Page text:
If you started 2018 with a list of New Year’s resolutions, why not think bigger? Abraham Lincoln understood.
“In the end, it’s not the years in your life that count. It’s the life in your years,” he said.
There’s no point in waiting. It’s time to put your bucket list on paper and start checking it off! (If you find that “bucket list” reminds you too much of “kicking the bucket,” then call it a “life list,” “wander list” or an “itch list”—the things you’re just itching to do.)
“Most everyone has a bucket list, but they lack the motivation to accomplish it,” said Mike Perry, 72. “Making a bucket list of all the things you want to do is one thing, but for many, that’s as far as it goes. Maybe it’s fear that gets in your way, procrastination or lack of commitment. Maybe you just need a nudge or a partner to motivate you to get off the couch.”
Perry inspires hundreds with lectures on attacking bucket lists. His lifestyle is proof that he believes itch lists should be done, not just dreamed.
“Always do something new, keep your mind stimulated, get out of your comfort zone,” Perry said. “Anytime you can include your family, that’s always a good thing.”
In his mid-20s, Perry was a self-described “Indiana Jones wannabe.” He still treasures an article he tore from a 1972 issue of “Life Magazine,” titled “One Man’s Life of No Regrets.” It recounted the amazing, goal-driven life of John Goddard, one of the world’s most famous anthropologists, explorers and adventurers.
At 15, Goddard wrote down 127 goals to achieve during his life. They were not simple or easy: becoming an Eagle Scout, climbing the world’s major mountains, piloting the world’s fastest aircraft, reading the entire Encyclopedia Britannica.
His list grew over time, but by the end of his 88-year life, he had accomplished an impressive 109 of his original goals.
He became known as “The World’s Greatest Goal Achiever.”
“John Goddard has always been my hero,” said Perry. “My dream was to meet my mentor, the man I modeled my life after.”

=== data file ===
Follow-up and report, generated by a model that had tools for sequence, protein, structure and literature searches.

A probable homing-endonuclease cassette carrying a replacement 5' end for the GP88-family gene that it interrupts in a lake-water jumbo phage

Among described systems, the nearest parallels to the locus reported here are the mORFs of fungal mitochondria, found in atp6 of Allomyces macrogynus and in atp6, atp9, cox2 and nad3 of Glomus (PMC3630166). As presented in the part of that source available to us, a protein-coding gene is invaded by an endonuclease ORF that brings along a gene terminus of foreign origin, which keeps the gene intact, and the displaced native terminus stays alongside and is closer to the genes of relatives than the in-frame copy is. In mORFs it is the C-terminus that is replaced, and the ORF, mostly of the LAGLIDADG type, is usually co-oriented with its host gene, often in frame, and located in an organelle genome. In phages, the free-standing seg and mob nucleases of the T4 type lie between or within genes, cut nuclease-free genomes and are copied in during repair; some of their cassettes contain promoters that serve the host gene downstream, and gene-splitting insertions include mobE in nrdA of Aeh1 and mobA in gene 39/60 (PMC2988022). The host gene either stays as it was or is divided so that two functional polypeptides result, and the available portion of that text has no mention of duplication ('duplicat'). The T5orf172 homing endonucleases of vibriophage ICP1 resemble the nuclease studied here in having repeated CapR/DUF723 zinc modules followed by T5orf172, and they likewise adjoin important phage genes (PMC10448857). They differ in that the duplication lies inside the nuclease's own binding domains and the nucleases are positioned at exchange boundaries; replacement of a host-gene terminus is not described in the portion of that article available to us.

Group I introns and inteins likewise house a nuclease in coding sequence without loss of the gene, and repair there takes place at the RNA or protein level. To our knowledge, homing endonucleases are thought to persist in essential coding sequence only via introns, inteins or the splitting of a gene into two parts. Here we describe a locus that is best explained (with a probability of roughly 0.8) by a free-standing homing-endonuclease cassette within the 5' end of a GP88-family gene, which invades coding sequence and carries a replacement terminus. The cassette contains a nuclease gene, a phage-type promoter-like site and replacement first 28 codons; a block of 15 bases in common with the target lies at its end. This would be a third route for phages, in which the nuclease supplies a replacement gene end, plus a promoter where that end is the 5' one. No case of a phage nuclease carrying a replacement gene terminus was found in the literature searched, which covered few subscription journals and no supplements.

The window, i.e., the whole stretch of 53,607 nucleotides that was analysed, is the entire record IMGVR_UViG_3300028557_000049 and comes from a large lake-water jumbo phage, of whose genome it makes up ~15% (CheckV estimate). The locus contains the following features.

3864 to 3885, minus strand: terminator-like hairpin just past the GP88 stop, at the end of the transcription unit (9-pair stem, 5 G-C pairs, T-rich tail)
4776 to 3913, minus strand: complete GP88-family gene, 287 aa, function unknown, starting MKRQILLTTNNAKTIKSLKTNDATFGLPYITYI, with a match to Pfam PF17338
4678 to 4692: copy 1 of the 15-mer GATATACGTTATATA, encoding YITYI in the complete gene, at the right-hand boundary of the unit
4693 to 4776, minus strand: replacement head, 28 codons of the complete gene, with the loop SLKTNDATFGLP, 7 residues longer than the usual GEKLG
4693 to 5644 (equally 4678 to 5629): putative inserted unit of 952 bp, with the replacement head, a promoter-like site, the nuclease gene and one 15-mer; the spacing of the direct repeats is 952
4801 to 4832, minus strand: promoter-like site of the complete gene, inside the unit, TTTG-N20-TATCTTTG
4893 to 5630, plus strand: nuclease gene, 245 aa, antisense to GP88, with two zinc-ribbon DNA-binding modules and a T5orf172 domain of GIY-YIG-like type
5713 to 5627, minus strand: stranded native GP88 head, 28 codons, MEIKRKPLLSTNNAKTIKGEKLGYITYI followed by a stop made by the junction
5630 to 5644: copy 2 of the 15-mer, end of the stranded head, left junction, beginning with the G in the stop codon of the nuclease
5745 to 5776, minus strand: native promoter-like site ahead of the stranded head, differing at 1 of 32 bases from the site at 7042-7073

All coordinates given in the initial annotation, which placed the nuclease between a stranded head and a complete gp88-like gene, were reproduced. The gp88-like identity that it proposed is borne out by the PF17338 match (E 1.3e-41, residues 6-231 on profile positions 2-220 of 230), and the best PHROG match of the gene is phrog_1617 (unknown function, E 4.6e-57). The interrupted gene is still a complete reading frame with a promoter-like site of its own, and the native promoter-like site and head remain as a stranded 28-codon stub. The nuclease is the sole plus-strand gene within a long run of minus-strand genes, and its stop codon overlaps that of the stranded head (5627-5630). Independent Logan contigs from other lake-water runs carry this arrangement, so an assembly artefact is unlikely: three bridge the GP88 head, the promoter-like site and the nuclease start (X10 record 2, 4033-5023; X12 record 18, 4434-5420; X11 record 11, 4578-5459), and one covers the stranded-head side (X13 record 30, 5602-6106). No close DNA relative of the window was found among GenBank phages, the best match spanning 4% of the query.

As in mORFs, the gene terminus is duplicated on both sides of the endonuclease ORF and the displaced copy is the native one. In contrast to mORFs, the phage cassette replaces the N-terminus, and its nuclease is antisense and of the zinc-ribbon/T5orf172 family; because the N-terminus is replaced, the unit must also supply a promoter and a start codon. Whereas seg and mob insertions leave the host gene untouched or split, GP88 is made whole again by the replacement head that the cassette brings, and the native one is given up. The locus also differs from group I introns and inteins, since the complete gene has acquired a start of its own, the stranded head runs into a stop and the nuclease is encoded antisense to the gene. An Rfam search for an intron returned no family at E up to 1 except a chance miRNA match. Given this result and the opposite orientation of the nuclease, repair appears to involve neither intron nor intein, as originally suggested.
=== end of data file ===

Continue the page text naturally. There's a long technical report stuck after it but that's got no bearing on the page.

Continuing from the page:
In 2003, as Perry prepared to speak on goal setting before a group of scouts and other youth, he wondered if there was a chance of receiving advice from Goddard. Perry tracked down his phone number.
Surprisingly, Goddard himself answered the phone and, following a friendly exchange, he invited Perry to his California home.
Perry developed a close friendship with his mentor in the decade before
Goddard’s death. They communicated frequently and visited several times—Goddard even spoke at Colorado Mesa University and at the Western Colorado Boy Scouts Council Peak Vision Award dinner in 2006.
“He signed the ‘Life Magazine’ article I had saved all these years. ‘To Mike, a fellow adventurer, with love and friendship, John Goddard,’” said Perry. “He later signed a card to me, ‘To my kindred spirit,’ and claimed it was his good fortune as well to meet me. That means so much to me.”
To help others attain their dreams, Perry has led adventures to places including Iceland, Cuba and Peru. He has bungee-jumped in New Zealand, sky-dived and parasailed. He is completing a coast-to-coast bike ride in pieces.
“Some goals take longer than others to accomplish and that’s okay,” he said.
There’s a new year ahead of us. How will you spend it? Ride a horse on the beach. Learn a new language. Travel. Scuba dive. Learn to knit. Sleep under the stars. Reconnect with a childhood friend. Raft the Grand Canyon. It’s time to get started!
Any good bucket list consists of overcoming fears, realizing dreams and achieving goals.
Here’s Mike’s advice on how to get started:
- Start your list with a draft and refine it as you find new ideas.
- Surround yourself with passionate people. Stay clear of people who limit your dreams.
- Include family, health and friends.
- Stay optimistic, be flexible and have fun.
- Be specific and build in accountability.
- Keep a journal.
- Take advantage of the knowledge of others.
- Choose to live happily. Life is too short to be sad, upset or negative.
- Post your bucket list in a prominent place where you can see it every day.
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